August 19, 1953,was much more complicated than the American narrative, as presented in Countercoup, suggests. Mossadegh was undone as much by his own conscience as he was by the CIA. He could have easily stamped out the coup by calling out his supporters, but he chose political martyrdom over the bloody civil war for which the CIA had planned.He achieved redemption while livingout the remainder of his life under house arrest; in the meantime, the Shah, with American help, was getting up his bucolic dictatorship.
Mossadegh is little liked by the leaders of the Islamic Republic (too westernised, too liberal), but his view of oil has relevance to today's nuclear programme. Over and above any strategic value in having an ambiguous nuclear capability, Iranians tend to regard the ability to make decisions on their own soil and regarding their own resources as coterminous with national dignity. Mossadegh referred to the "moral" aspect of oil nationalisation; Tehran's rhetoric on the nuclear issue aims for a similar, high tone. There is broad agreement among ordinary people, whatever their feelings for the Islamic Republic, that the right to enrich uranium is not the West's to confer or withhold. The summer of 2009 saw huge protests against the Islamic Republic, but a Rand survey from 2010 found that 87 percent of Iranians support the civilian nuclear program, with 97 percent calling it a "national right."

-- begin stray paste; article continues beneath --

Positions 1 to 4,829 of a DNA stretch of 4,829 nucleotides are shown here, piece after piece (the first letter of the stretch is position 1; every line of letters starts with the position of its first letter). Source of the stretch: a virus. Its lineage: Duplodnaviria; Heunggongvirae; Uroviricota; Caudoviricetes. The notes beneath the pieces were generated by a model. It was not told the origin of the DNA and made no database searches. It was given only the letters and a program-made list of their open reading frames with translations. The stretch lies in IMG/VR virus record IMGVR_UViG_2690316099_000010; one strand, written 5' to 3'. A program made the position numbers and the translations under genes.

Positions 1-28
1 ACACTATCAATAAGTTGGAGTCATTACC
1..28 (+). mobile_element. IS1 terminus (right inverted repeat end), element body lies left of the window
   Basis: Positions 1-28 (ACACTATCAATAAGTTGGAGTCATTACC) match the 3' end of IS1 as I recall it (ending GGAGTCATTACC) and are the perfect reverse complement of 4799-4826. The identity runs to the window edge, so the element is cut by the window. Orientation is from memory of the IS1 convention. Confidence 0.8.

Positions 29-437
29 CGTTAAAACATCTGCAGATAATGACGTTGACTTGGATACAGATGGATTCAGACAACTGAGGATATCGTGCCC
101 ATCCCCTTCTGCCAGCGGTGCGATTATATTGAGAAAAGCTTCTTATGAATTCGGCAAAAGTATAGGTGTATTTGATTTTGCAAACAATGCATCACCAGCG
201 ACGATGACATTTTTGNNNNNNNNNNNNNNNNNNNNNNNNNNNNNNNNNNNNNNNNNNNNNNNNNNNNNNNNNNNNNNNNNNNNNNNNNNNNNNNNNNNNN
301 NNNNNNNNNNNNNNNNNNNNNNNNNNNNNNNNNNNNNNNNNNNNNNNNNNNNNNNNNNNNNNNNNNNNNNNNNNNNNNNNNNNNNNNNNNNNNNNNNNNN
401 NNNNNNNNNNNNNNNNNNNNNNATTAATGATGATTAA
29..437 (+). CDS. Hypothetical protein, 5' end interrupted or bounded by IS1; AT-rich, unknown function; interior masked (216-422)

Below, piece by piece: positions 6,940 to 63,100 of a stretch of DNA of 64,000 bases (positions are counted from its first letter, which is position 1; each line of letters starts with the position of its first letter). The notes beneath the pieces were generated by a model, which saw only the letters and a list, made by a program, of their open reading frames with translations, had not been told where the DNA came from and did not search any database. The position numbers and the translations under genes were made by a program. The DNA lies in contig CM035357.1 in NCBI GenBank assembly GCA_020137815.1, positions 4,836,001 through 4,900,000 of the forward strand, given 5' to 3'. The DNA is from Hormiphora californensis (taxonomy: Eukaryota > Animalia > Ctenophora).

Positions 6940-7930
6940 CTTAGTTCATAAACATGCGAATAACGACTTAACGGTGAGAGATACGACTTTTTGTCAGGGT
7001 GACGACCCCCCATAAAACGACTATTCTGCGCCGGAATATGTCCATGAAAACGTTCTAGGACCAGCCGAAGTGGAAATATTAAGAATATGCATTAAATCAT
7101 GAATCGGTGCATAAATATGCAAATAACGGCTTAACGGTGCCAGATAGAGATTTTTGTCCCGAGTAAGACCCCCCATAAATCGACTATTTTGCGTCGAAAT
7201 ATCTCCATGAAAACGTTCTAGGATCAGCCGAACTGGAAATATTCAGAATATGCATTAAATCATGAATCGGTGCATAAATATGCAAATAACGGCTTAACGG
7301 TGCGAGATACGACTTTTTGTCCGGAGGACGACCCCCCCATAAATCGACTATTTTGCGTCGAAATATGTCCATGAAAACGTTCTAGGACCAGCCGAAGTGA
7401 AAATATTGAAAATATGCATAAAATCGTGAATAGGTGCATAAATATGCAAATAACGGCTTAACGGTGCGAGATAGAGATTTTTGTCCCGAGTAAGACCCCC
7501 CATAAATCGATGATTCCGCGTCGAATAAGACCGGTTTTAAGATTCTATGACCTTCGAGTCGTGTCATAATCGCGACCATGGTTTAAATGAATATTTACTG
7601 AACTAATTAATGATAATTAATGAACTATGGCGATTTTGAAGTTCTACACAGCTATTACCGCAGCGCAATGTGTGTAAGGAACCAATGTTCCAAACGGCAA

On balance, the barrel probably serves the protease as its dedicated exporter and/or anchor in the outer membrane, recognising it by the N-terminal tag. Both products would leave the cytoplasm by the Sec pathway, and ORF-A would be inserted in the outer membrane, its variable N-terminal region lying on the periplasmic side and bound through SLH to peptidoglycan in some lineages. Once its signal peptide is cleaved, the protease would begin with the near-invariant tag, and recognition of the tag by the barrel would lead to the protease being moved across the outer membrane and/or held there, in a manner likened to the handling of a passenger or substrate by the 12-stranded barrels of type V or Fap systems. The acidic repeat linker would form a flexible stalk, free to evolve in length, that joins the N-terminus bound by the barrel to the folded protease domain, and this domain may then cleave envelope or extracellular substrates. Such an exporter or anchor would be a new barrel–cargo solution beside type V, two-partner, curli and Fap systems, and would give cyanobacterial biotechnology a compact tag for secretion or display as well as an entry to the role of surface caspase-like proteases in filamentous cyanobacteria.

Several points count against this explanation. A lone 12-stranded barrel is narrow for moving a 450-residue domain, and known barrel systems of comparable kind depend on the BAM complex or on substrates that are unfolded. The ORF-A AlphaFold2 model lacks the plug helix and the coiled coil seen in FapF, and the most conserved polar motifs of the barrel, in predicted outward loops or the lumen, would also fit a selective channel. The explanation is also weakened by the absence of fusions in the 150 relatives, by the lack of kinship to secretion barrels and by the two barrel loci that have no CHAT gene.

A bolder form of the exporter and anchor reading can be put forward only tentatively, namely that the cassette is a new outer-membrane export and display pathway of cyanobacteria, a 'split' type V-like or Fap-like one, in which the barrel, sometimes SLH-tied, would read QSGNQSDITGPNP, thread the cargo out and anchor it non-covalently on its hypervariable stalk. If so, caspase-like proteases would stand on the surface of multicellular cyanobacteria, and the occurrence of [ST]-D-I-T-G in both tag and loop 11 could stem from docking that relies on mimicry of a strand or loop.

The West's rhetoric, as heard in Iran, has barely advanced from the old British contempt for Mossadegh. American and European officials reveal more than they intend when they speak of using "carrots and sticks" to change Iran's "behaviour" -- as if the countrywere a hormonal teenager. Turkey and Brazil probably did not use such language when they secured Iran's agreement in 2010 to place, in a sort of offshore escrow, some of the country's enriched uranium -- which would have created space for more substantive negotiationswhile removing some of the immediate risk. It is no coincidence that these countries, like Iran, are regional powers seeking more clout in an increasingly multi-polar world. In the event, the Obama administration rejected the Turco-Brazilian plan, which would have hindered its push for sanctions against Iran in the UN Security Council.
The Iranian crisis is only superficially about enriching uranium. In fact, it is a crisis of trust, a deep and long-running ideological disagreement, between a big power and a medium-sized one. Only trust would bring about a lasting fall in tensions; in the current climate of mistrust, both sides have every incentive to assume, and prepare for, the worst. And that will not come if there is no respect: for the other's achievements, history, and point of view. Building trust can start in a pause between meetings -- over the coffee machine, even. Isn't that called diplomacy?